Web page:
For months, government officials, health industry professionals, policy experts and politicians have been debating what "essential benefits" should be covered by health plans beginning in 2014 that participate in state insurance exchanges and in Medicaid programs. The package, required by the health law, has raised some critical questions:
Should the package set a national standard for health plans to cover a comprehensive set of benefits? Or is it more important that states have flexibility to determine what is "essential" based on their own markets. And how do issues of heatlh care costs, affordability and quality fit into the discussion? For months, questions like these have been part of the implementation debate.
Answers will begin to take shape with an Institute of Medicine report, which was requested by HHS and is expected to be released in the next weeks. HHS regulations are expected to follow later this fall.
In the mean time, KHN asked a group of experts what core principles should steer the development of this rule if it is to both benefit consumers and the marketplace. Commentaries follow from Utah Rep. James Dunnigan; A. Mark Fendrick, who directs the University of Michigan Center for Value-Based Insurance Design; and Debra L. Ness, president of the National Partnership for Women & Families.
The Essential Benefit Package Americans Need
Debra L. Ness writes: "The development of this package is a balancing act between making sure Americans have access to the kinds of health care services they need most and keeping this coverage affordable. If the administration adopts a strong essential benefit package, beginning in 2014, for the first time in history all new insurance plans for individuals and small businesses will cover needed services, including private insurance policies that are certified and offered in state health insurance exchanges." Read the column.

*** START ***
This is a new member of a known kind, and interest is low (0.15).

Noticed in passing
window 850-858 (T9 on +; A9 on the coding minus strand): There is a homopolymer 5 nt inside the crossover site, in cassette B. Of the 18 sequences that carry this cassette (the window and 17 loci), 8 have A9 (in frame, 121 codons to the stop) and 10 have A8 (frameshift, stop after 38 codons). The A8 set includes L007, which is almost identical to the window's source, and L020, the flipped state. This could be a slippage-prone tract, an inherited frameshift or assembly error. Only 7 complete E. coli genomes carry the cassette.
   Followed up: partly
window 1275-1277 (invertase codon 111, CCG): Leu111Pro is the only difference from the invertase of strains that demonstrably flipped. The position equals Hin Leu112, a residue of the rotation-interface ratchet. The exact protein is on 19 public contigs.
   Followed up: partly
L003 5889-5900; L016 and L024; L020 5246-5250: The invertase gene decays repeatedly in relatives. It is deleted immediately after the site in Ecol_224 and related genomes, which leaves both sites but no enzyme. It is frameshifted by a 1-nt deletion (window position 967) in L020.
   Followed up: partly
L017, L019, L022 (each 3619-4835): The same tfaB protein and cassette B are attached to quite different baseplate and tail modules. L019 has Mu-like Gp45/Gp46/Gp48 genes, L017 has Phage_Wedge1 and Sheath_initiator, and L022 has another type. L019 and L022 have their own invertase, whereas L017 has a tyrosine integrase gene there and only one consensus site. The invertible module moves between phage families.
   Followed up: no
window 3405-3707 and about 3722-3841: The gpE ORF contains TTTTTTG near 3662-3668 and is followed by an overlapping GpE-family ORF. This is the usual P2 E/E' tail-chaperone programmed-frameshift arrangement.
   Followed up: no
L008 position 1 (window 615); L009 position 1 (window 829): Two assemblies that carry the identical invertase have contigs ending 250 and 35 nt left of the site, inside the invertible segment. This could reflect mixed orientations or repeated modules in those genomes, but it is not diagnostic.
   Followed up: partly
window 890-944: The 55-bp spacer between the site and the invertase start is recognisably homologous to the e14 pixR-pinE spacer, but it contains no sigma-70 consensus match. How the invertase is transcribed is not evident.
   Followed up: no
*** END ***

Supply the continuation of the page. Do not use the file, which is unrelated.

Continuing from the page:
Clinical Nuance Essential To Essential Benefits Package
According to Dr. A. Mark Fendrick, "[t]he debate over essential health benefits has been largely framed as a trade-off between cost and comprehensiveness: the more expansive the benefit, the more expensive the coverage. However, benefit plans can be enhanced by incorporating a third dimension to the discussion: something we call clinical nuance." He focused on how, if considered in the development of the package, the concepts behind value-based insurance design can help health control health care costs and improve quality. Read the column.
Defining 'Typical': A Critical Step In Determining The Health Law's Essential Benefits Package
Utah State Rep. James Dunnigan writes that the "secretary of Health and Human Services must define 'essential benefits' in a way that includes 10 broad categories of services and is equal in scope to benefits provided under a typical employer plan. The problem is that what's 'typical' varies both within and across states, and even varies by employer and plan type. ... As a result, if the secretary establishes an inflexible, nationally uniform definition of essential benefits, states and consumers could lose in several ways." Read the column.